After I determined the content of the course, I established my student learning objectives with respect to composition and advanced writing, which “describ[e] what students must be able to do if we are to meet our own general objectives” (Nilson 18). Ultimately, I wanted students to write with a focus on process rather than product; to engage in the practice of revision in order to constantly improve both writing and critical thinking skills; to hone their abilities to effectively—and ethically—gather, read, and evaluate literary research; to sharpen advanced academic writing skills that would prepare them for future courses at the undergraduate level and beyond; and to produce a substantial literary research paper that was thesis-driven, coherently organized, evidence-based, and critically sophisticated. Thus, in addition to the textbook I had chosen on 19th century British women (British Women's History), I chose a textbook that focused on composition: The Craft of Research, co-written by Wayne Booth, Gregory Colomb, and Joseph Williams, which is an advanced writing handbook that guides students through the process of completing a research project. The Craft of Research is accessible and interesting, breaking down the writing process into necessary steps—from forming a topic, to making a claim and supporting it, to drafting and revising—and guiding students toward the ultimate goal of my particular course, crafting a longer research paper.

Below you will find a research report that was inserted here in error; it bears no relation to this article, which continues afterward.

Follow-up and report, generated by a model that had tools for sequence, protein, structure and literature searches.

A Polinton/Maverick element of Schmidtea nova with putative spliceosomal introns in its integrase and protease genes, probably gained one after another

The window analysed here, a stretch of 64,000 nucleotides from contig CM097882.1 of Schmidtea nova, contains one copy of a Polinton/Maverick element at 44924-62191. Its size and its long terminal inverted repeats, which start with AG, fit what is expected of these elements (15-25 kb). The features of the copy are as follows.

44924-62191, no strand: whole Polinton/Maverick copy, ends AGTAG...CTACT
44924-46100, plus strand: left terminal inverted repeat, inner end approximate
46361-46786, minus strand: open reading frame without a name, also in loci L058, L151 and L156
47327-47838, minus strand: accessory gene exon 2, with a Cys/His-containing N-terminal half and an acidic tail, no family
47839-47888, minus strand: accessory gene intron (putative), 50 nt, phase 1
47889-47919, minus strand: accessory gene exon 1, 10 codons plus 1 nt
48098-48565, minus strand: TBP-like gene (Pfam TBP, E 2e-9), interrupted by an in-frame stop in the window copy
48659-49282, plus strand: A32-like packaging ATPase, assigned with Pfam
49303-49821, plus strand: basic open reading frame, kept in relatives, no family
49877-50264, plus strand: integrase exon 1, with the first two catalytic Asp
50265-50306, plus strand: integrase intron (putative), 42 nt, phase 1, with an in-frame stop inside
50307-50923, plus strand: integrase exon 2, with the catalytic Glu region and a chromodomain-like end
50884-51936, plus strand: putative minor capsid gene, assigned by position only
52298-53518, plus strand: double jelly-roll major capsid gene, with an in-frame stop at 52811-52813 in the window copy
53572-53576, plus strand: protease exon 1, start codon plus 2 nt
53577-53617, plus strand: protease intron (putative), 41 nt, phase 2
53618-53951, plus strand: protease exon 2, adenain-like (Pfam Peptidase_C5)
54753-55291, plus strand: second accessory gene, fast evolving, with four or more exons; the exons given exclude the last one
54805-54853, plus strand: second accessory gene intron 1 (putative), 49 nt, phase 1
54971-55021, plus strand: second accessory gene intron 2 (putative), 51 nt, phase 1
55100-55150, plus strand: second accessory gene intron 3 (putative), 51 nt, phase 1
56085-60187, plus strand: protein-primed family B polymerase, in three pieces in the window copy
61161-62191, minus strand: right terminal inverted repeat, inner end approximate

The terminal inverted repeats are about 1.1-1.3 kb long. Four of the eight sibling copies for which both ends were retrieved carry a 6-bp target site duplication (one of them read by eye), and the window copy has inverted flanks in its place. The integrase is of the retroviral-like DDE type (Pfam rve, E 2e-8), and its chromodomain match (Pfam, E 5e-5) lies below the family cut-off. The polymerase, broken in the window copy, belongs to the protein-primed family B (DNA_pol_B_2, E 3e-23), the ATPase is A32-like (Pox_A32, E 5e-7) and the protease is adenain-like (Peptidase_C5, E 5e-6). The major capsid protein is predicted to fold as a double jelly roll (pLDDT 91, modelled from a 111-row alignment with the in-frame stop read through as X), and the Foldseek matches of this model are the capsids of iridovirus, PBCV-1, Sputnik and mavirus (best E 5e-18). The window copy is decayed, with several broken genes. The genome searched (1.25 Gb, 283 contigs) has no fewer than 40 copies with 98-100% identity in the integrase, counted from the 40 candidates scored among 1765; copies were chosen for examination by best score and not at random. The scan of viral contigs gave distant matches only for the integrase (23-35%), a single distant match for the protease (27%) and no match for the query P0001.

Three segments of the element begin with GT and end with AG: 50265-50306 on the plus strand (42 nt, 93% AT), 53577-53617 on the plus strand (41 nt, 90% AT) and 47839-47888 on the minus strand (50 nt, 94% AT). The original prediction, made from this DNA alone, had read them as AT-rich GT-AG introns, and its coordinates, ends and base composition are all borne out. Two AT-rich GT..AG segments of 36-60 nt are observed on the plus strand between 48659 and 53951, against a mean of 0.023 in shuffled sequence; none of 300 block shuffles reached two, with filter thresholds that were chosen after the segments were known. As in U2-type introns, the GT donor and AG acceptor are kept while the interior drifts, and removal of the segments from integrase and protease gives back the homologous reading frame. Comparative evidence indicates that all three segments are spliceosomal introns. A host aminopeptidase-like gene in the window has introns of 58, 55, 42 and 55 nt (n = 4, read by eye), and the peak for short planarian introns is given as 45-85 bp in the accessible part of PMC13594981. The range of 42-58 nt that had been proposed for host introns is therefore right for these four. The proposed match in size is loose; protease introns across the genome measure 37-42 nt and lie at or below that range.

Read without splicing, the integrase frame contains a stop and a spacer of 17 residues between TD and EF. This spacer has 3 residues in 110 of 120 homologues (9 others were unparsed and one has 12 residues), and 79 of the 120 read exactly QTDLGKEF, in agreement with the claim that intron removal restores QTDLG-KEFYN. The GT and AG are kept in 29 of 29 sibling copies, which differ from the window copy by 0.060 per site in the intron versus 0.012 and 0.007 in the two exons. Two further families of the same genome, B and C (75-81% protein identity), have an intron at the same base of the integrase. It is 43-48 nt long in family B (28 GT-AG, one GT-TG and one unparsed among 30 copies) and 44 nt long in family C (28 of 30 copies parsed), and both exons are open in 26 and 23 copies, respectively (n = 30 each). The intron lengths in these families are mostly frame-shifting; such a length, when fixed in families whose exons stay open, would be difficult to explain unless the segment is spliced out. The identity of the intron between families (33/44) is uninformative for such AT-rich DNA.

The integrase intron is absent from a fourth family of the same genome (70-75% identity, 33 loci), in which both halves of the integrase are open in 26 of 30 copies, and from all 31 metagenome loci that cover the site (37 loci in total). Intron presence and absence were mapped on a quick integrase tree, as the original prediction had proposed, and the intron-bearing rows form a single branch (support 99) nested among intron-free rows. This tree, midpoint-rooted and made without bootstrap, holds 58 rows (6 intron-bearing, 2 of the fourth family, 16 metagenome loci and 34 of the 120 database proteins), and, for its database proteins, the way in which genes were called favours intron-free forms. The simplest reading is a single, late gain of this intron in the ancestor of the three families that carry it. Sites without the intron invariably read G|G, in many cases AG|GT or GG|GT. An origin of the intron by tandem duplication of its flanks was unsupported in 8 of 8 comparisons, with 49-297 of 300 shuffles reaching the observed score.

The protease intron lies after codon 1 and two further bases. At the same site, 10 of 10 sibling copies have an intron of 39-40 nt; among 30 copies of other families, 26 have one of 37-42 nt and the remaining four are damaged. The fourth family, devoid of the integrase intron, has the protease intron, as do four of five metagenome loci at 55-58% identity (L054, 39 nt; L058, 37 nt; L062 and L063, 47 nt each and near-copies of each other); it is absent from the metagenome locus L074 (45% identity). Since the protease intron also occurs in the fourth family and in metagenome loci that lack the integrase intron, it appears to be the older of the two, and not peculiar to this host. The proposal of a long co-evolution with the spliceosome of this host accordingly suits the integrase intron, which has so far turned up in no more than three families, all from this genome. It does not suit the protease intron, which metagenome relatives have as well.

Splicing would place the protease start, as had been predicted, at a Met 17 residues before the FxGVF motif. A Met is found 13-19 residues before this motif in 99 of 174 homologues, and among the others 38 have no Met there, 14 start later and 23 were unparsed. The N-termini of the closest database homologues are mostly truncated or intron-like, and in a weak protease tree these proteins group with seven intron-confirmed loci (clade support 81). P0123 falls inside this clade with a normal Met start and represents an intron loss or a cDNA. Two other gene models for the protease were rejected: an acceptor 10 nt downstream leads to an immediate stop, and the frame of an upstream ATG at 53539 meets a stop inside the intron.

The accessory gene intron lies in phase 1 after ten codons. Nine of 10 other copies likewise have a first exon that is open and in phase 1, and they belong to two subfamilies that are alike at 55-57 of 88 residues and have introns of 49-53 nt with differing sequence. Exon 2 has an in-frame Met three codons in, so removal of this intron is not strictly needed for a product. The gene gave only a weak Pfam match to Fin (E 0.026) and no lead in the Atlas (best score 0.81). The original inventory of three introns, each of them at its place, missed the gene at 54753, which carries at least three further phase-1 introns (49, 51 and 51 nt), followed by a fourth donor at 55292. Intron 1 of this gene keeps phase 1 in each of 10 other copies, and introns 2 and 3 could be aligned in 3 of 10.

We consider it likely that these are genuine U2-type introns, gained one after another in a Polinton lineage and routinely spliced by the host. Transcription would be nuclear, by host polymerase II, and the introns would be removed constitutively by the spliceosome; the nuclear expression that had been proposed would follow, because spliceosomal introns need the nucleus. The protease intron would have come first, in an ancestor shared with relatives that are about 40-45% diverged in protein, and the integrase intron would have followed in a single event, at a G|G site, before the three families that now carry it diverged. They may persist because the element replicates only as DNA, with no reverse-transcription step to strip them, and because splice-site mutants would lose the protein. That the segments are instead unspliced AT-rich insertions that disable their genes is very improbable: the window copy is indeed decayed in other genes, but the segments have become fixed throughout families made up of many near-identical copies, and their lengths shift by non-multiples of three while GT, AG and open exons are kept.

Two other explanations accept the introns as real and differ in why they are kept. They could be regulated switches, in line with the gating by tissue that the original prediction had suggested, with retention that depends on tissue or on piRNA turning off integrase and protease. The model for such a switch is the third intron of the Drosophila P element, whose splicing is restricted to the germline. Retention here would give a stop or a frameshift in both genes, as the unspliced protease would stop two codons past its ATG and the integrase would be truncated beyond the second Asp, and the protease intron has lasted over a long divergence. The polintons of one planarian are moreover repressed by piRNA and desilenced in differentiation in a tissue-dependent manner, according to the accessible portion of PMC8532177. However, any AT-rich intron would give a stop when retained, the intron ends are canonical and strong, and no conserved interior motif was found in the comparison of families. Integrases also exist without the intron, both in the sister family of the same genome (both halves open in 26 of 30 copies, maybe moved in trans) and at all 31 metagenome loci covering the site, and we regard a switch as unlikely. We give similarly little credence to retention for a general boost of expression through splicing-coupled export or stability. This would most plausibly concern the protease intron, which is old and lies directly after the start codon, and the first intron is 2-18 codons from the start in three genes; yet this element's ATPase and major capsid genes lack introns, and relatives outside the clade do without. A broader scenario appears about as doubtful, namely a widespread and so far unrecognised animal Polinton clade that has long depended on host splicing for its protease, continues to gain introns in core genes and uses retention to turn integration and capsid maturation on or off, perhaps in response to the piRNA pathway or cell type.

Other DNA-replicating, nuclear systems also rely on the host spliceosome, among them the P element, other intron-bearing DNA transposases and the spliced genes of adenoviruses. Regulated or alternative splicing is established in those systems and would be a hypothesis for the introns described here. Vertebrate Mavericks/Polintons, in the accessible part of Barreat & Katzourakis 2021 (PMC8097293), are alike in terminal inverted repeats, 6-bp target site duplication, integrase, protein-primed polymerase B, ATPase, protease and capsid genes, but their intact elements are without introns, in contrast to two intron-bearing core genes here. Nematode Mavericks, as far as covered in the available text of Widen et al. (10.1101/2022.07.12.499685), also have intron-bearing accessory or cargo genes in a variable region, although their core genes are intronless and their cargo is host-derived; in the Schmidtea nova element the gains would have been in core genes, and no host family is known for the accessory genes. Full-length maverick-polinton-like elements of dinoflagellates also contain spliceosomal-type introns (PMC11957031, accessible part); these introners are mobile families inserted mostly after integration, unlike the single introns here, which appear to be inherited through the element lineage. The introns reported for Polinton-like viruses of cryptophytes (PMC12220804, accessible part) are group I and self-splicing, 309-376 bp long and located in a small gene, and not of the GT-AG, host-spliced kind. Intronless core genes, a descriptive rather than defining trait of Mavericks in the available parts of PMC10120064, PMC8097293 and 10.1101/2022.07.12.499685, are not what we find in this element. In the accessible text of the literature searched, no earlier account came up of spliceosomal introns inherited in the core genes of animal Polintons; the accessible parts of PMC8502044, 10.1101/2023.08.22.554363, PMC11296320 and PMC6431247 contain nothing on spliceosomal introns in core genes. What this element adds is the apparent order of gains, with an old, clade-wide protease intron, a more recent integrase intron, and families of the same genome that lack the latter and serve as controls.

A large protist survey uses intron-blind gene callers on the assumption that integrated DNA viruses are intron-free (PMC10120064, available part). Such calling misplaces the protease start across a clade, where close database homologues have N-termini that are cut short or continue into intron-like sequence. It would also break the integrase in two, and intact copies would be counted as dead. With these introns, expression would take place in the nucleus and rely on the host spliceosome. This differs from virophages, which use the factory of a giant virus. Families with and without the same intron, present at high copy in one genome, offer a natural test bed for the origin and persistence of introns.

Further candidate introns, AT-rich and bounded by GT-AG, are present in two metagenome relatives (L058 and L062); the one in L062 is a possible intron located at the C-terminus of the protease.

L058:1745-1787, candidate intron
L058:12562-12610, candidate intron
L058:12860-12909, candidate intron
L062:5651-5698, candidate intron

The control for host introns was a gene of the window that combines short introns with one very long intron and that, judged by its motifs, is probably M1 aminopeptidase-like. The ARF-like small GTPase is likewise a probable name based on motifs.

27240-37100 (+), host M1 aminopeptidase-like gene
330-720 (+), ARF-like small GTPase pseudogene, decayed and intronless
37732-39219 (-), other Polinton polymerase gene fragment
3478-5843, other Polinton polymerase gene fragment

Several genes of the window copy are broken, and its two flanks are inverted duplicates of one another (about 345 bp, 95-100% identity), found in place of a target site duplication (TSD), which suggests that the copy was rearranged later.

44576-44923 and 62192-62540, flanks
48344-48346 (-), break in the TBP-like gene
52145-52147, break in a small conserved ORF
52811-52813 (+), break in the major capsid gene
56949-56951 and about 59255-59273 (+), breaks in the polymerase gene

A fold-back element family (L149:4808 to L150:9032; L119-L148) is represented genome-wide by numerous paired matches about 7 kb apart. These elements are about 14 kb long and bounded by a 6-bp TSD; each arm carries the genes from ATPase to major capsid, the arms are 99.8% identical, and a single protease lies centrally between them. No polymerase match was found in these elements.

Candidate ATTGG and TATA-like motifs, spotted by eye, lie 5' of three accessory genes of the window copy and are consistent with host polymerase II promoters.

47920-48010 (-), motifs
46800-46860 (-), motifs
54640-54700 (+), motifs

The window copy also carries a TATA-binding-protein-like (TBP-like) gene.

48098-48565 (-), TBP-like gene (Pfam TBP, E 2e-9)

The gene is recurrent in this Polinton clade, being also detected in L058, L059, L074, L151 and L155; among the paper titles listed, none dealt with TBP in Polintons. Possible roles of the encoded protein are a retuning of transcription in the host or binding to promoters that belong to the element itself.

My next task was to concretely establish the three necessary parts of my student learning objectives: “a statement of a measurable performance,” “a statement of conditions for the performance,” and “criteria and standards for assessing the performance” (Nilson 19). With my general learning goals in mind of reinforcing “writing as a process” and instructing students on how to ethically and effectively craft a literary research paper, I designed the major and minor writing assignments that students would complete throughout the semester as well as specific standards of assessment. I first decided to hold students responsible for smaller weekly writing assignments (approximately 1-2 pages in length), which would serve as “building blocks” toward the final paper. With respect to larger assignments, I assigned an annotated bibliography, which would focus on the 19th century novel they had chosen and their individual research topic. The aims of the annotated bibliography were to sharpen students' skills of effectively and ethically acquiring, reading, and assessing literary research, to expand their knowledge on the critical conversations surrounding their 19th century novel, and to encourage their critical participation in these conversations. I also assigned a final paper proposal, in which students would formally organize and present their critical ideas about the final research paper. The aims of the final paper proposal were to prepare students for the challenges of the final paper by asking them to compose a working thesis, to consider the importance of their audience, to evaluate their progress with respect to research, and to anticipate possible problems with their projects. Lastly, I assigned an individual presentation, which required each student to explain to the class both his or her project and his or her individual process of conducting research and writing the final paper. The aims of the presentation were to build a research community within the class, in which students shared their individual projects with an informed audience, and to emphasize the importance of writing as a process.